desogestrel


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desogestrel

 [des″o-jes´trel]
a progestational agent having little androgenic activity; used in combination with an estrogen component as an oral contraceptive.

desogestrel

/des·o·ges·trel/ (des″o-jes´trel) a progestational agent with little androgenic activity; used in combination with an estrogen as an oral contraceptive.

desogestrel

(dĕs′ə-jĕs′trəl)
n.
A progestin, C22H30O, used in combination with estrogen in oral contraceptives.

desogestrel

[des′ojes′trel]
a progestational agent having little androgenic activity. It is used in combination with an estrogen component as an oral contraceptive.

desogestrel

A PROGESTOGEN hormonal ingredient in oestrogen/PROGESTOGEN oral contraceptives. Brand names of preparations containing this drug are Marvelon and Mercilon.
References in periodicals archive ?
desogestrel, gestodene, cyproterone acetate and drospirinone) are clearly second choice behind the second- and first-generation progestins.
After accounting for smoking, obesity, a wide range of other health conditions, alcohol consumption, polycystic ovary syndrome and recent infections, surgeries, leg/hip fractures, and hospital admission, the researchers calculated an increased odds ratio for each hormone: desogestrel (4.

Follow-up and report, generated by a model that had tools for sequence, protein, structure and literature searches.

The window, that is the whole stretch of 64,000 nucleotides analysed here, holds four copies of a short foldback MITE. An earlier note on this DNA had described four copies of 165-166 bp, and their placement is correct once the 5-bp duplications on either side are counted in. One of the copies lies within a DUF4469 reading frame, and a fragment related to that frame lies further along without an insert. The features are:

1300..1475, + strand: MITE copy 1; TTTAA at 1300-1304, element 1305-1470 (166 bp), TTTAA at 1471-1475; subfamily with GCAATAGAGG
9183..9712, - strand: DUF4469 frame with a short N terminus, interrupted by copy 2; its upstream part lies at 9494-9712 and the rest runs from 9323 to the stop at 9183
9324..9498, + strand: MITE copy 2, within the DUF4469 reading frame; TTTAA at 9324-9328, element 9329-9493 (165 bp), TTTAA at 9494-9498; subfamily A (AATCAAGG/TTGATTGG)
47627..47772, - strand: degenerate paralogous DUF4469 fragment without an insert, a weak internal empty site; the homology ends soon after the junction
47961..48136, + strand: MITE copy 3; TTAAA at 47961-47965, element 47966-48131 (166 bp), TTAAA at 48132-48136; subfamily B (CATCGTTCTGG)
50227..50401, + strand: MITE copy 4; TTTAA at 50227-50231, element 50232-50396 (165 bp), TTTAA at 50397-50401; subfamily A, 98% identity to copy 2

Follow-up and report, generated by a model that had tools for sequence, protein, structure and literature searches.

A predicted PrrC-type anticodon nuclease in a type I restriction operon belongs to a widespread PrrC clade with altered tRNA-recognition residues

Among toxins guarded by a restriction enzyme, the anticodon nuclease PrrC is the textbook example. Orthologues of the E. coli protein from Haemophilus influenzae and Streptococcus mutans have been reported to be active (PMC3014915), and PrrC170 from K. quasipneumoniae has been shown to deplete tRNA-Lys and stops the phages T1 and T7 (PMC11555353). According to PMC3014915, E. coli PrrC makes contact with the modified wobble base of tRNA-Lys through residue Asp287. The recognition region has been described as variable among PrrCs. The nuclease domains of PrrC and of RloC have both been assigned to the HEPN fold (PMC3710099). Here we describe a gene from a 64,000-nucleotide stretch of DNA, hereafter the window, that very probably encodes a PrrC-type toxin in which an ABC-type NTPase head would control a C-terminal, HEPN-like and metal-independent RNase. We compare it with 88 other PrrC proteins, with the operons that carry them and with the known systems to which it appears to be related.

Women using newer pills, containing drospirenone, desogestrel, gestodene, and cyproterone, had around a four times increased risk of VTE.
The maximum serum concentrations of etonogestrel and ethinyl estradiol were approximately 40 and 30 [micro]g, respectively, compared to the levels with a combined OCP containing 150 jug desogestrel and 30 [micro]g ethinyl estradiol (13).
Compared with non-users of hormonal contraception, pills with levonorgestrel increase the risk of VTE threefold and pills with drospirenone, desogestrel or gestodene increase the risk sixfold.
Their safety bulletin says there is a small excess risk with pills containing desogestrel or gestodene.
John's wort, there was a significant decrease in the amount of the desogestrel present after St.
Comparative profiles of reliability, cycle control, and side effects of two oral contraceptive formulations containing 150 micrograms desogestrel and either 30 micrograms or 20 micrograms ethinyl estradiol.
28) Oral desogestrel with testosterone pellets was recently found to lead to azoospermia, but requires daily administration of the progestin and a minor procedure for insertion of pellets.
Second generation pills contain the hormone levonorgestrel, while third generation versions are made with desogestrel or gestodene.
Pills containing gestodene or desogestrel are not advised for women with increased risk of blood clots such as those with varicose veins or angina.
Similar risks were seen when oral contraceptives containing desogestrel or gestodene were compared with contraceptives containing levonorgestrel.